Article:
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Be careful out there
Work zone crashes can be very costly
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 It seems they go hand in hand – summer travel season and summer road construction projects.

Some projects are short-term, some will last until winter and beyond, but all of them require safety to be priority. 

The Kansas Department of Transportation reminds motorists to follow all traffic regulations in work zones and that these regulations, including lowered speed limits, are in effect when posted even if there isn’t obvious construction taking place.

Not following traffic regulations can also lighten your wallet. For example, driving up to 20 miles over the speed limit could cost $318 or more in fines and court costs.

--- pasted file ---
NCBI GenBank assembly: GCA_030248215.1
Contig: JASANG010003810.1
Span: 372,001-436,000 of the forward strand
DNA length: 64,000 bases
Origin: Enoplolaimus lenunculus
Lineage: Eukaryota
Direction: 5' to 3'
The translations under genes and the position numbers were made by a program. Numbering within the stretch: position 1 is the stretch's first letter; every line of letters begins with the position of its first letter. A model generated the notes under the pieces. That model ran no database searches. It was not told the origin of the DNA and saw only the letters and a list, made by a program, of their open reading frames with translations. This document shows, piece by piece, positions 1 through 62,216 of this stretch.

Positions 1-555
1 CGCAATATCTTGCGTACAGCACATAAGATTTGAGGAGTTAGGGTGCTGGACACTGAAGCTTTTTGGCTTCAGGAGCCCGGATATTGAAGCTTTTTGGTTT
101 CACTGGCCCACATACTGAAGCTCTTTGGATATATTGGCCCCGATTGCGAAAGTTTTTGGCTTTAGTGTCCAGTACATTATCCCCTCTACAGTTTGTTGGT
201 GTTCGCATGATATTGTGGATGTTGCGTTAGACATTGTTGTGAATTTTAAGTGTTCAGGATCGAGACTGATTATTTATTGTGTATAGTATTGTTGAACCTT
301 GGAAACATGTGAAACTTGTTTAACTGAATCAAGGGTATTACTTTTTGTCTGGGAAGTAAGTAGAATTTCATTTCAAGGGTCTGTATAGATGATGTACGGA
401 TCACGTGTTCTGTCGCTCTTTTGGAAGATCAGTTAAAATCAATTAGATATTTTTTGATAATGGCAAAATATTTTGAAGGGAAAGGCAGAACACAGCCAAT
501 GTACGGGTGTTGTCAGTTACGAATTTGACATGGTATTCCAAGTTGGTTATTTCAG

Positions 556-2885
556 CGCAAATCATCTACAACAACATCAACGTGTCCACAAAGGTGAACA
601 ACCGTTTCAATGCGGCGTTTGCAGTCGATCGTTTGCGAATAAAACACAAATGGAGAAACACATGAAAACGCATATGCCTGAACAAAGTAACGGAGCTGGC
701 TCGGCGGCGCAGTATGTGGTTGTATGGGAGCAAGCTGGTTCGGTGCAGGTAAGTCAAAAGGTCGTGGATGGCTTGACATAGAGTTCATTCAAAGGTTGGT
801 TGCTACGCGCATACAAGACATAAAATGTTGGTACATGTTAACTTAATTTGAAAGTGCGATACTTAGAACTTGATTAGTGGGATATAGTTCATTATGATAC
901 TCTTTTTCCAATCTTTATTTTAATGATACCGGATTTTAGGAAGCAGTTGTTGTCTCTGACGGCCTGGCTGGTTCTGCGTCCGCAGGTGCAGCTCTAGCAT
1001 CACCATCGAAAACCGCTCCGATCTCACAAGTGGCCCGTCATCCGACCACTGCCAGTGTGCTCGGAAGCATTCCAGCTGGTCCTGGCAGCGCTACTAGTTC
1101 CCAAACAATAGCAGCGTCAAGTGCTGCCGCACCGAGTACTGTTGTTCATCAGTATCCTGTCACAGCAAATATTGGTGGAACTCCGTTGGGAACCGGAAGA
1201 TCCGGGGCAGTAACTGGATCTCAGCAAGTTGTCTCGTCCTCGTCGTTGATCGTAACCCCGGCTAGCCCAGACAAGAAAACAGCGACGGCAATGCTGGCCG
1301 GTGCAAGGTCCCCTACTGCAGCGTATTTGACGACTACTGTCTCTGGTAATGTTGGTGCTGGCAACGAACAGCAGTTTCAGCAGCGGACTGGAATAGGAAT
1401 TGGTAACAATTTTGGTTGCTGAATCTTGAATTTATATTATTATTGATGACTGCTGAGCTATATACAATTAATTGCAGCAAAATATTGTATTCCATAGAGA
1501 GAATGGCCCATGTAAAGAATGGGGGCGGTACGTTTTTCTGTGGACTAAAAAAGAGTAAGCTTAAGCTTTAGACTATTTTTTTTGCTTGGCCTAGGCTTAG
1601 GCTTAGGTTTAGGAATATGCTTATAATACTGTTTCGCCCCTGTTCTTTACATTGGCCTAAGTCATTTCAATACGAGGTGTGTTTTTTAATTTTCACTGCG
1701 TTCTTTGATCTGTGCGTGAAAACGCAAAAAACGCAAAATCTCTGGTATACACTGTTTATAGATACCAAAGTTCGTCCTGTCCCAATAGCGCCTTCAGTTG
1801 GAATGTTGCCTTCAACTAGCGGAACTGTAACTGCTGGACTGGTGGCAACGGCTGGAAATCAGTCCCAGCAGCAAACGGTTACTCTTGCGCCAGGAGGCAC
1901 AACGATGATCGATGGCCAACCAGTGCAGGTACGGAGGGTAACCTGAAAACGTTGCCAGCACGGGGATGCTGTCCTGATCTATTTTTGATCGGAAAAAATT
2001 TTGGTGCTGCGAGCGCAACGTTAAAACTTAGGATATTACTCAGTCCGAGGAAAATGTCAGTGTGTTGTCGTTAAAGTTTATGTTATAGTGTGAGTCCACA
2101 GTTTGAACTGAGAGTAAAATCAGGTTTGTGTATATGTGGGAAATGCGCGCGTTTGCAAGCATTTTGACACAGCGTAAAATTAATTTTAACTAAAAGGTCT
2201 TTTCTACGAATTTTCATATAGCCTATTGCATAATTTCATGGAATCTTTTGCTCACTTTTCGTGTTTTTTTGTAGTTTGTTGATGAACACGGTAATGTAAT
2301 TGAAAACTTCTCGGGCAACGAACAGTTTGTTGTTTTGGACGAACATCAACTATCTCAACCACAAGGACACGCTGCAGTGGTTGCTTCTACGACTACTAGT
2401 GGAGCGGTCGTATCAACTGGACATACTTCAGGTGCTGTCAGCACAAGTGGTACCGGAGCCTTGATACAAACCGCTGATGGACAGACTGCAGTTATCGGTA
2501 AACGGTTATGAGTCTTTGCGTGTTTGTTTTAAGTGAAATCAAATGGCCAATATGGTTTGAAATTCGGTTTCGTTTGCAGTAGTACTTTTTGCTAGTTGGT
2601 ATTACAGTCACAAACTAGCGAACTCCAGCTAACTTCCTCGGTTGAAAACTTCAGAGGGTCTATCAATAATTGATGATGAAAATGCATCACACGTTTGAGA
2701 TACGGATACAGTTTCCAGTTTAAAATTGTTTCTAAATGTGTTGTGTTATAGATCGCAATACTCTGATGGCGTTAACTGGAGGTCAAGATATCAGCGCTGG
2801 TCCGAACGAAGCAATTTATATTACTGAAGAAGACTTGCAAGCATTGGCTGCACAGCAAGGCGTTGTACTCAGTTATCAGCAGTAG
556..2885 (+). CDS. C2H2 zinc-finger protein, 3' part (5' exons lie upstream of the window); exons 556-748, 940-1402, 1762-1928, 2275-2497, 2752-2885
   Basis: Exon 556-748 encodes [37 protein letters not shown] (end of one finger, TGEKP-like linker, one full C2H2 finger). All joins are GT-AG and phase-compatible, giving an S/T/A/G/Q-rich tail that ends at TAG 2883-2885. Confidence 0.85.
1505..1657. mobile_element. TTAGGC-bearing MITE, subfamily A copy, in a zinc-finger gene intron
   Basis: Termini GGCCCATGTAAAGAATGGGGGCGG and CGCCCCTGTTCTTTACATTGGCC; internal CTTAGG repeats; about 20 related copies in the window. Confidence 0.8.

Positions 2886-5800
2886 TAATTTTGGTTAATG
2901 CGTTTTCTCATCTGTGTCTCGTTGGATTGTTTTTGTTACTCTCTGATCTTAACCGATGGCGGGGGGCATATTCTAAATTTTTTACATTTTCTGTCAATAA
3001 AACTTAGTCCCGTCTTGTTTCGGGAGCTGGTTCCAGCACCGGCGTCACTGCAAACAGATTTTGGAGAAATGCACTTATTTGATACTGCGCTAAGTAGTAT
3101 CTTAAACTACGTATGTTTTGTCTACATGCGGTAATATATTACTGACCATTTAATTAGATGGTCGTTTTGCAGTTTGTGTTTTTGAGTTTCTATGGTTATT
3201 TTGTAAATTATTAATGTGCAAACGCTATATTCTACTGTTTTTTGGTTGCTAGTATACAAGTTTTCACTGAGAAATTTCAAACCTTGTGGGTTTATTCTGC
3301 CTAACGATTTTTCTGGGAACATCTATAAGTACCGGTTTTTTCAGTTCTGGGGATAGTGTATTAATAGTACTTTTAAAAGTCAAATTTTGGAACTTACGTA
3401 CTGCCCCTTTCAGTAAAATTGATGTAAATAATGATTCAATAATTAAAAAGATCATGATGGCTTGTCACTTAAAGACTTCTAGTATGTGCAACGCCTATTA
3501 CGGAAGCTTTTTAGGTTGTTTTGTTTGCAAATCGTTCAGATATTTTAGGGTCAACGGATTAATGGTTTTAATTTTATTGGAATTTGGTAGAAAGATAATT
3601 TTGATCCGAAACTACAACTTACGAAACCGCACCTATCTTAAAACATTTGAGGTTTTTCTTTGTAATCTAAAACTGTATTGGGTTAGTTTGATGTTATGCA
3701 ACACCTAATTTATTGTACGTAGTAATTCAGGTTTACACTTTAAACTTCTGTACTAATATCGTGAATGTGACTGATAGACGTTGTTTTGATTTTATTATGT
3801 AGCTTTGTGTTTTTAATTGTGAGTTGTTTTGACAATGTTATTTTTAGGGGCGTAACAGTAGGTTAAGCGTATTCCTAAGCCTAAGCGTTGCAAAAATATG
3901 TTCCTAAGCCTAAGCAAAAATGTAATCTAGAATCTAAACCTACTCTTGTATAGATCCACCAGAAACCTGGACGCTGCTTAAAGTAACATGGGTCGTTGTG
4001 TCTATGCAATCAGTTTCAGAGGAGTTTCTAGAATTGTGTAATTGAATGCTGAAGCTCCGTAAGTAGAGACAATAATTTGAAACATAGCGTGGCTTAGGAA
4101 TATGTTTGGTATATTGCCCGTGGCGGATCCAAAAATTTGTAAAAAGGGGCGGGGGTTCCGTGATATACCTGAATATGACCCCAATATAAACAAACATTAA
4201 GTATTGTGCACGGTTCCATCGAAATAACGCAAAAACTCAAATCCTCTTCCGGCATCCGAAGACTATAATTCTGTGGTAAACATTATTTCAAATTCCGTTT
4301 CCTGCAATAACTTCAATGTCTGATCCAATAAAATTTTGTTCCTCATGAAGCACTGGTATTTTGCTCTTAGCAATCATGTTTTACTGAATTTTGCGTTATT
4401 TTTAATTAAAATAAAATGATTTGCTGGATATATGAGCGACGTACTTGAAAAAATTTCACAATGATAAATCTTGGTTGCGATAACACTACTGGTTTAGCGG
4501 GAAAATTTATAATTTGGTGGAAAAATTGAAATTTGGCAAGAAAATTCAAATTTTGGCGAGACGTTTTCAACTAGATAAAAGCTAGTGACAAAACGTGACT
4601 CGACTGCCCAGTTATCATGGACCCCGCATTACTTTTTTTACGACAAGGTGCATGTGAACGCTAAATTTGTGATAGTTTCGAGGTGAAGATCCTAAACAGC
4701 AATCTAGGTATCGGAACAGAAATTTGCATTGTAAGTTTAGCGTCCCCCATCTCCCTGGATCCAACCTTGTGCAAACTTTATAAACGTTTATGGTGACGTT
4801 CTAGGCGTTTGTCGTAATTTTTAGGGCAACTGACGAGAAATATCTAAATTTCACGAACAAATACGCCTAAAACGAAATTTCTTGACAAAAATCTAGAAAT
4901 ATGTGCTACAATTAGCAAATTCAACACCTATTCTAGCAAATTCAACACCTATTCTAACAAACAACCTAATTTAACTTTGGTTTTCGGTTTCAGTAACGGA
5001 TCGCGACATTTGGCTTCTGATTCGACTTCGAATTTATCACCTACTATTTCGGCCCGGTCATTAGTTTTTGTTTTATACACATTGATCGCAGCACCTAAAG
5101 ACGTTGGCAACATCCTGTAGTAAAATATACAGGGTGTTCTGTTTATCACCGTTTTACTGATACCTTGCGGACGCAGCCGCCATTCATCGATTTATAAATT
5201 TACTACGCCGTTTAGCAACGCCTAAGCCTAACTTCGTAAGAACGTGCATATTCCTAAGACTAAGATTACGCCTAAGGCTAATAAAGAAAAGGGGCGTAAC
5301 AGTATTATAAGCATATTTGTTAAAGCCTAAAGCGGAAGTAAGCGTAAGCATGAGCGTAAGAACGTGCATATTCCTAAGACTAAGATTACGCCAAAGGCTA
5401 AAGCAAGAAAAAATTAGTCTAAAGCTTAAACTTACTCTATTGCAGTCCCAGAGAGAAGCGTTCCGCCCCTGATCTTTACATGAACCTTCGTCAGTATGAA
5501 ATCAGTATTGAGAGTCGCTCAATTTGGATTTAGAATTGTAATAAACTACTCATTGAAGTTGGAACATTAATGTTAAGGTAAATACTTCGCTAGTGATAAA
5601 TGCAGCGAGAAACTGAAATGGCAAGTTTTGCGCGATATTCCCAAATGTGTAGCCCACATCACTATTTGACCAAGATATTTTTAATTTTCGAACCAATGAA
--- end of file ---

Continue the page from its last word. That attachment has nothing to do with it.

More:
“Highway work can occur at any time of the night or day, and conditions such as edge drops or equipment near the open lanes are a possibility in most work zones,” said KDOT Work Zones Engineer Kristi Ericksen. “Having safe and efficient work zones requires effort from contractors, DOT staff and the driving public. Drivers do their part by intentionally following traffic regulations at all times, especially work zone speeds, even when the reasons aren’t clear.”

Last year in Kansas, four people were killed and 480 people injured in work zone crashes. Driver-related circumstances were a factor in 72 percent in these crashes including following too closely, inattention, too fast for conditions, right of way violation and improper lane change.

“National research shows that more than 80 percent of work zone fatalities are motorists and their passengers, rather than highway workers,” Ericksen said. “It is important for drivers to do their part to improve safety in work zones.”

When driving in work zones, KDOT reminds motorists to:

• Follow traffic control

• Stay alert and calm

• Watch for highway workers

• Expect delays – leave early or choose alternate routes

• Allow ample space between you and the car in front of you

• Change lanes when directed to do so.

Not taking precautions can be costly and dangerous. Don’t run the risk of ruining that summer vacation.

Be careful out there.

Dale Hogg